Global Web Index: Philippines ranks 2nd in ASEAN

Source: The World Wide Web Index

MANILA, Philippines — The Philippines may not be at the forefront of digital infrastructure but when it comes to effective use of the Web to improve people’s lives, the country is second only to Singapore in the ASEAN region.

According to The World Wide Web Foundation’s Web Index measure released this week by Tim Berners-Lee, credited to be the inventor of the Web, the Philippines ranks 32nd — 2nd in ASEAN — in terms of Web utility out of 61 surveyed countries.

Interestingly, the Philippines is only one spot away from India in the index, and ranked higher than neighboring ASEAN nations such as Indonesia, Thailand, Vietnam, and Bangladesh.

Singapore, meanwhile, lands on 11th place for the global ranking; leagues ahead of the Philippines.

According to its website, the Web Index is a “multi-dimensional measure of the Web’s growth, utility and impact on people and nations” that includes indicators on the political, economic and social impact of the Web, as well as Web connectivity and infrastructure.

Sweden has been hailed as the nation with the most effective use of the Web in improving people’s lives, as it scores a full 100 on Web impact, 96.76 on Web readiness, and 82.02 on Web use.

The Philippines, on the other hand, scored 48.37 on Web impact, 48.26 on Web readiness, and 39.39 on Web use to bring its aggregate Web index to 46.81.

Web Readiness refers to the quality and extent of communications and institutional infrastructure in a given country, while Web use looks at the Web usage and Web content available to Internet users.

In particular, the survey noted how the Philippines scored poorly on Web use (34.64) and Web content (39.61), as well as the political impact of the Web to Filipinos (33.56).

The country, however, scored better on the social impact of the Web to citizens (58.95), as evidenced by the wise use of social networking sites in times of disasters.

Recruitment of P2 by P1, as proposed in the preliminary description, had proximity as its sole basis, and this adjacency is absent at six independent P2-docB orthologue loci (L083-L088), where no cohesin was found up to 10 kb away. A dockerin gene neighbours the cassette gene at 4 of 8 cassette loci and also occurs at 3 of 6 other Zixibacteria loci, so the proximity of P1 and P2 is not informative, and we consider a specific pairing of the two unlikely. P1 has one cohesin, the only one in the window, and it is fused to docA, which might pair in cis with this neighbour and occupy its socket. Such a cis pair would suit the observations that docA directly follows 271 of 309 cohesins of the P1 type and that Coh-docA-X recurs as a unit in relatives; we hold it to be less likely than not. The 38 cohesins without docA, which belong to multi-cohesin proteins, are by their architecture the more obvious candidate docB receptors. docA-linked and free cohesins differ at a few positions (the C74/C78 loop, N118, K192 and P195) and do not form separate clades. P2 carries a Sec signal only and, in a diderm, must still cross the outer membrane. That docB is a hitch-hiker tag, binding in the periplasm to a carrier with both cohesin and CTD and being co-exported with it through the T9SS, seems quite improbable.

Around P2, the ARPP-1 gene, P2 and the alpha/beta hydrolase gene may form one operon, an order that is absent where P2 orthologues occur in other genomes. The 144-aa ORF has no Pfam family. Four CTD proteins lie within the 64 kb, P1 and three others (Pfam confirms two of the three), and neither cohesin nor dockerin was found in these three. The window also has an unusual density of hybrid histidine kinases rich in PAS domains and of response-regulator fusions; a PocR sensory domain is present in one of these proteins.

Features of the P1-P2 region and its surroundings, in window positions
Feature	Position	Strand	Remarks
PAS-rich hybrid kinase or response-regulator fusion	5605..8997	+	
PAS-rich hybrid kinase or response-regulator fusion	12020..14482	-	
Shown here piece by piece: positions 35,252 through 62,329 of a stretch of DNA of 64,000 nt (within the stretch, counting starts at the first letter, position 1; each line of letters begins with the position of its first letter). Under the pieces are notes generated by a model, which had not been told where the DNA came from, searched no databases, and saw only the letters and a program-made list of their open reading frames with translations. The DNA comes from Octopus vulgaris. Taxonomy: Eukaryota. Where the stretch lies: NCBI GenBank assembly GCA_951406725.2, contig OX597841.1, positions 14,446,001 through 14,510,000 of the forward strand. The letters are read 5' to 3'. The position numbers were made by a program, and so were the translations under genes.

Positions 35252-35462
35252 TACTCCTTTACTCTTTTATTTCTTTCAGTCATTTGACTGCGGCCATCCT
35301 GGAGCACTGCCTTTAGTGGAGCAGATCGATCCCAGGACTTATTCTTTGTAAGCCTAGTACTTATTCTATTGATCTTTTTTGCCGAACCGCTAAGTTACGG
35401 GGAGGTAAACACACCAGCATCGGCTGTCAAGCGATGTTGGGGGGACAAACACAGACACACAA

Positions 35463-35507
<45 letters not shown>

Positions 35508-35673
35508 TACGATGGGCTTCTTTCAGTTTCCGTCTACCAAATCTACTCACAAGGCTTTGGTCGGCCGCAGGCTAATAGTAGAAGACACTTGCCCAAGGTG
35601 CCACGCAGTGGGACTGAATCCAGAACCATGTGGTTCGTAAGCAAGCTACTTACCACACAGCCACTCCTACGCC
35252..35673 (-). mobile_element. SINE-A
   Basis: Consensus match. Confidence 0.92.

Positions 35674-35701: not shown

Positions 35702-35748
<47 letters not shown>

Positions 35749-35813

“At a base level, (we are asking) are people actually connected? Have they got something like a phone on which they can access the Web?,” Berners-Lee said in an interview with Reuters.

“On the medium level, there is the content. At the top, is (the Internet) really affecting people’s lives? Can you get a job on the Internet? Are you using it for health, for education? Is it affecting the way you run the country?” he added.

The results highlighted the pervasive notion that Internet connectivity remains a luxury in many parts of the world, Berners-Lee said, something which is preventing “people from achieving their rights to knowledge and participation.”

The survey also takes into account regulatory regimes present in a given country’s Web space, which could explain why the Philippines ranked better on Institutional Infrastructure (51.12) than neighboring nations such as Singapore and China, which have strict Web censorship policies in place.

“The Web is a global conversation,” Berners-Lee said. “Growing suppression of free speech, both online and offline, is possibly the single biggest challenge to the future of the Web.”